The Manchester Derby ⋆ An Old International

The Manchester Derby

The name sake of the blog, Don Davies, also known as Old International was a Manchester United supporter. He was also a fine football writer, combining literary skills with football knowledge thus providing his readers a highlight to read on their Sunday or Monday mornings.

On one occasion he wrote:

‘No one, not even Gordon Graig, could have wished for a finer setting. Old Trafford lay flooded in golden sunshine. The mosaic of colour banked up on the terraces showed where the oppulent working classes, or a good 50000 of them, stood at ease in rayon blouses or bright short sleeves, enjoying the banter that passed between the rival rattle squads whose strategic concentrations were indicated by broad splashes of geranium red or forget-me-not blue. There match seemed every excuse for rattling, for here was a “Derby” with a difference. City, the guests, came as F.A. Cup holders; United, the hosts, received them as reigning Football League champions; City downcast, were still seeking their first away point; United, triumphant, were defending a prodigious home record; City, traditionally, were supposed to get United on the run in these matches; United, defiantly, were in the mood to snap their fingers at tradition.’

Don Davies was writing about the 1956/57 season when City came as FA Cup to Old Trafford to play United, the league title holders. The 1956 FA Cup Final was remarkable as it established Bert Trautmann as a City legend after he finished the match with a broken neck. United meanwhile where reaping the harvest with the Busby Babes. Davies was an admirer of United which were in their prime under Busby. He was also an admirer of Bert Trautmann, the City keeper in the 1950s:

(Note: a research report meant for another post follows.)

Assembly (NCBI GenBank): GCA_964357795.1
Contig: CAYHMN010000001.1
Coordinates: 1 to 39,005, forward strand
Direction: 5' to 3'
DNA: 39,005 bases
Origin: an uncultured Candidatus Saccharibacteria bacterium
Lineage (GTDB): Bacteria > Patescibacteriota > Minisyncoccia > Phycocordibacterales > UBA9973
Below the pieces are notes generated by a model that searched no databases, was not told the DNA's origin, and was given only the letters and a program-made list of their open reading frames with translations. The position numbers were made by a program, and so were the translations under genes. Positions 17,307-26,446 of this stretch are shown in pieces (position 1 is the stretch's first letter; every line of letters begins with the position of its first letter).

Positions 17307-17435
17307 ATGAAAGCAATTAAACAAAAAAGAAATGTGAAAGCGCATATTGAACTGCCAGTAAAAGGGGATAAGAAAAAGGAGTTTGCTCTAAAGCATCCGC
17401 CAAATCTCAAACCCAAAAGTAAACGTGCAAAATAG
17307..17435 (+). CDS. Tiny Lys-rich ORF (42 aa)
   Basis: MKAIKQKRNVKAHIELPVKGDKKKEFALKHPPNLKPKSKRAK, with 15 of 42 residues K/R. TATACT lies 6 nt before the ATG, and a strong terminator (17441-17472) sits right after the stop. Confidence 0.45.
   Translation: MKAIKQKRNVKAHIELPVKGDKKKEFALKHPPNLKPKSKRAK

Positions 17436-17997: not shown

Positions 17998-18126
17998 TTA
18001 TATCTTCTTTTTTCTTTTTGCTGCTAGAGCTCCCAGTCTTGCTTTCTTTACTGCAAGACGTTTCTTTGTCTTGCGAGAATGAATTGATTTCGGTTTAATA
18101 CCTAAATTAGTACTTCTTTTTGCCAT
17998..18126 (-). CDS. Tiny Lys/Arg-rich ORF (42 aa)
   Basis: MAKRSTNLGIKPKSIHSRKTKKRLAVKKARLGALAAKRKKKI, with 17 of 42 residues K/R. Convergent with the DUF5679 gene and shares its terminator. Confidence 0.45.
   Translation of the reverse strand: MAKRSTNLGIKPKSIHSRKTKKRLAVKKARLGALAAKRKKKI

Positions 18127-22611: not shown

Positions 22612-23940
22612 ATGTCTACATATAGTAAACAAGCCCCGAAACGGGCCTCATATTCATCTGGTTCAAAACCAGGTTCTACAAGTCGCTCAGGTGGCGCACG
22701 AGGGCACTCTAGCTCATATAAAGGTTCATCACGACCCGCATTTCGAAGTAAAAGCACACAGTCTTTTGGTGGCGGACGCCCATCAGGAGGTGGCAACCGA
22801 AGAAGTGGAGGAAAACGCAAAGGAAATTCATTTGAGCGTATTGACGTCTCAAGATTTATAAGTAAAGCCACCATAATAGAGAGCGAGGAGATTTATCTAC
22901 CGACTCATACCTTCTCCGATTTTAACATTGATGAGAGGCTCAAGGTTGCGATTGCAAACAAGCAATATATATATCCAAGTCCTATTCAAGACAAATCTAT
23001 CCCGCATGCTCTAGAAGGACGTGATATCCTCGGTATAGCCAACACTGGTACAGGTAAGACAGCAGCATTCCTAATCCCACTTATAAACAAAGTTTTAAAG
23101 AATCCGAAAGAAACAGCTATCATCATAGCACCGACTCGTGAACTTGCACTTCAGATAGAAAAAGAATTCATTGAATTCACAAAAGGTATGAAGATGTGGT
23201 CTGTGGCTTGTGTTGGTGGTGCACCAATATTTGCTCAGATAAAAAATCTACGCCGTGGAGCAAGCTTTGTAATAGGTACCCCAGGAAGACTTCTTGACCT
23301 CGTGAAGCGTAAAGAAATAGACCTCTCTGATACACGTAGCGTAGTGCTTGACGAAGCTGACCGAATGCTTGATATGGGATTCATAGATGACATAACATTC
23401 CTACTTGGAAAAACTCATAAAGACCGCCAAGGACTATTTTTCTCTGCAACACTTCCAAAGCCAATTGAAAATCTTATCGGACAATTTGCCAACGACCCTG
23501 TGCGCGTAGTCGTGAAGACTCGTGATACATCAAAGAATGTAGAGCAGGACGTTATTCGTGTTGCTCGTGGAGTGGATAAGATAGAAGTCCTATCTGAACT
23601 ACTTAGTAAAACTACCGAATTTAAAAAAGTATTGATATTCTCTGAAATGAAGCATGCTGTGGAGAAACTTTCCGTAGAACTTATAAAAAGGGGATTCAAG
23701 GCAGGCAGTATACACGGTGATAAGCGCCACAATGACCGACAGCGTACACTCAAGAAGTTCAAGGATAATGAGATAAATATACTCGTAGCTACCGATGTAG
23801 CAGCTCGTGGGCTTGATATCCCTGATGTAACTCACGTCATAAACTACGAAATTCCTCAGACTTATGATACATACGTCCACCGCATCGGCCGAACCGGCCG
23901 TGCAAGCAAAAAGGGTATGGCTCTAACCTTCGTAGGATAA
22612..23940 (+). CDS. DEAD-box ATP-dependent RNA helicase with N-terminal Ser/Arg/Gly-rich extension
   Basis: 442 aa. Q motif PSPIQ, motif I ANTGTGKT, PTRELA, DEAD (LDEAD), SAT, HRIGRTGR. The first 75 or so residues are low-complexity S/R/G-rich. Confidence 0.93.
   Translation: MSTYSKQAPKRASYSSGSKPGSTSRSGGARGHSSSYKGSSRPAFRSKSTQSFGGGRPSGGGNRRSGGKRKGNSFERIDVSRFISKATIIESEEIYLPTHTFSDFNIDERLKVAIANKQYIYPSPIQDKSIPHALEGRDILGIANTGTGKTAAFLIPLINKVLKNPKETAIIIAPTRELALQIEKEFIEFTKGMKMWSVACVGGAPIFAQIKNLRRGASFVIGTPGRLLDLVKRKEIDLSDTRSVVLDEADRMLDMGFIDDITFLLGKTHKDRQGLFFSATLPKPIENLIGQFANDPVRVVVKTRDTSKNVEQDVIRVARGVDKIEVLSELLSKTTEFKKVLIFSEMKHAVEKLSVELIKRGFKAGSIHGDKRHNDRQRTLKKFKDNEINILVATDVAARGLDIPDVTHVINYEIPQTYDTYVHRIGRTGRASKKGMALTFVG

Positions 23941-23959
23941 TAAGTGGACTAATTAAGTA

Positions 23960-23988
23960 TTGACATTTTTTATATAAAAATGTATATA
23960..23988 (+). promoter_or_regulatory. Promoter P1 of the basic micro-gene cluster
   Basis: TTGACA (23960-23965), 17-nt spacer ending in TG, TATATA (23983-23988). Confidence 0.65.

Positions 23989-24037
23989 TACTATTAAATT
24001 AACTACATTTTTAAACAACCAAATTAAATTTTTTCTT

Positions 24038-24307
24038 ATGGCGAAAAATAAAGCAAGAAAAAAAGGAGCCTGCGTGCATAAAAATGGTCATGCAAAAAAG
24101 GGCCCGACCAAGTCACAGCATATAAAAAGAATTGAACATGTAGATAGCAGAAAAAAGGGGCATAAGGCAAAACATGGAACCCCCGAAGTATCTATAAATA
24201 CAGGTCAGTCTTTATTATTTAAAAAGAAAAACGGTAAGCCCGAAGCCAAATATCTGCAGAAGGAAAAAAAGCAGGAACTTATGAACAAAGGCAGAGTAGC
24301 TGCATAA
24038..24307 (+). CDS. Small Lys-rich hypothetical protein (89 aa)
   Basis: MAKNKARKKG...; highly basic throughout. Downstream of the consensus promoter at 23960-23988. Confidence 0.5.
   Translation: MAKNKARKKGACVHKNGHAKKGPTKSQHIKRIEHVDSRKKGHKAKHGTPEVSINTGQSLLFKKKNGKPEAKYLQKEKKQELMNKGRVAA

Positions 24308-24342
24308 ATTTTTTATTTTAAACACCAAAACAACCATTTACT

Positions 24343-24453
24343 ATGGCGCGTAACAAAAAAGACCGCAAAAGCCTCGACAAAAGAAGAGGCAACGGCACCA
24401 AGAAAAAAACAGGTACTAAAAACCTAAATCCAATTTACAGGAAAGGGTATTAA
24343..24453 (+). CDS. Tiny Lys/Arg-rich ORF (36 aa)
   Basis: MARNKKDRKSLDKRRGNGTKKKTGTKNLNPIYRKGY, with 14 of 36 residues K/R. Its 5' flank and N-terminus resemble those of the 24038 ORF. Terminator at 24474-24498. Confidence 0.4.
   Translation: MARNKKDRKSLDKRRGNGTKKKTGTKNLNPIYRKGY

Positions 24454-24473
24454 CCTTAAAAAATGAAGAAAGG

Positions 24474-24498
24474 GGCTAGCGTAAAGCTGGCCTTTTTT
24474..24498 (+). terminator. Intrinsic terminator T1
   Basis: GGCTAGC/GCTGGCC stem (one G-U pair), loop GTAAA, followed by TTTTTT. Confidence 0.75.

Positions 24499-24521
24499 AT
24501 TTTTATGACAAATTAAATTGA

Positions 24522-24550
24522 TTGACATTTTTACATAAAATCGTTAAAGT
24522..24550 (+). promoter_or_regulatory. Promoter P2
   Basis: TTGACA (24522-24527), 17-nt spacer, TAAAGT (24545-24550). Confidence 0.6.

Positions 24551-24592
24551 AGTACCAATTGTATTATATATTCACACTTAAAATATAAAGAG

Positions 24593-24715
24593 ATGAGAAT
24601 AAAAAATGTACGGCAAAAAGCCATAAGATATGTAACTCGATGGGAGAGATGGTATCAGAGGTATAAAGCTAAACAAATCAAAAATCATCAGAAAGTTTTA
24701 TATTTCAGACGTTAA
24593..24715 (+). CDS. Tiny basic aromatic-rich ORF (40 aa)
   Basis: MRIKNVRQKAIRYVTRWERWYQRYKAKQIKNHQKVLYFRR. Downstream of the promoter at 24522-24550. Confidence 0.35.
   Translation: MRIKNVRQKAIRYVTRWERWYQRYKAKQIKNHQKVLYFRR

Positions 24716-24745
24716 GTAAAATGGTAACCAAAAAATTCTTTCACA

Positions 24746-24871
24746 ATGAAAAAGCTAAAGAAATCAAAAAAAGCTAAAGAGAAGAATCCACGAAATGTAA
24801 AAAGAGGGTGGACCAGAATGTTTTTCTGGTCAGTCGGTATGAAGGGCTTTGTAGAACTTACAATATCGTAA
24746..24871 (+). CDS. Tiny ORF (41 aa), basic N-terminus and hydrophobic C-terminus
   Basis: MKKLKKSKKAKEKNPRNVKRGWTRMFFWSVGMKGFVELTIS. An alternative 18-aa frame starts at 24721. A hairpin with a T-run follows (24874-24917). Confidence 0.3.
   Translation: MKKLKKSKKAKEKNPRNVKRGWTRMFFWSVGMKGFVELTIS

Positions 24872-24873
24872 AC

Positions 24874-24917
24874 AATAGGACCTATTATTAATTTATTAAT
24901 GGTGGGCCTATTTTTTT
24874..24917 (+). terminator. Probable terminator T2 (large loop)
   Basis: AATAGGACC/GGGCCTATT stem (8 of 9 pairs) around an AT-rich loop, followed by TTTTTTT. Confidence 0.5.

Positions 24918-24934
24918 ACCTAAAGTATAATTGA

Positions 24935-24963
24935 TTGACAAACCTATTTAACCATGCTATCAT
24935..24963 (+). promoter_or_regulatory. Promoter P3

‘In the course of a lively afternoon Trautmann gave the Preston spectators a few glimpses of the highest reaches of the game’s most spectacular art, and to their honour be it said that they applauded him as rapturously as if he had been their own…’

He had also experienced a period of great goalkeeping. About Swift, Trautmann, Wood, Gregg et.al. he wrote:

‘It used to be accepted as axiomatic that goalkeepers like wicket-keepers were a “slate loose” […] Goalkeepers, of course, though they had to take things lying down, were not without resources of their own. […] In this quality of judgment are included so many important things, such as divination of an attacking forward’s intention, a correct sense of positioning and a knowledge of when to sally forth from goal and when to stay put.’.

He described Trautmann as an acrobat who trusted his ‘spring-heeled qualities’ in order ‘to leap across abnormal distances after the shots have been made, and how the Moss Side crowds have revelled in these two masters.’

Today’s derby will see a City side boasting with talent and promise; United on the other hand are still trying to find their swagger under Louis van Gaal. Neither team have won anything last season and as usual both sides will take particular pride in winning the derby today. As Donnie Davies has pointed out United have tradition on their side; though of late City have drawn level with their red rivals from Old Trafford.

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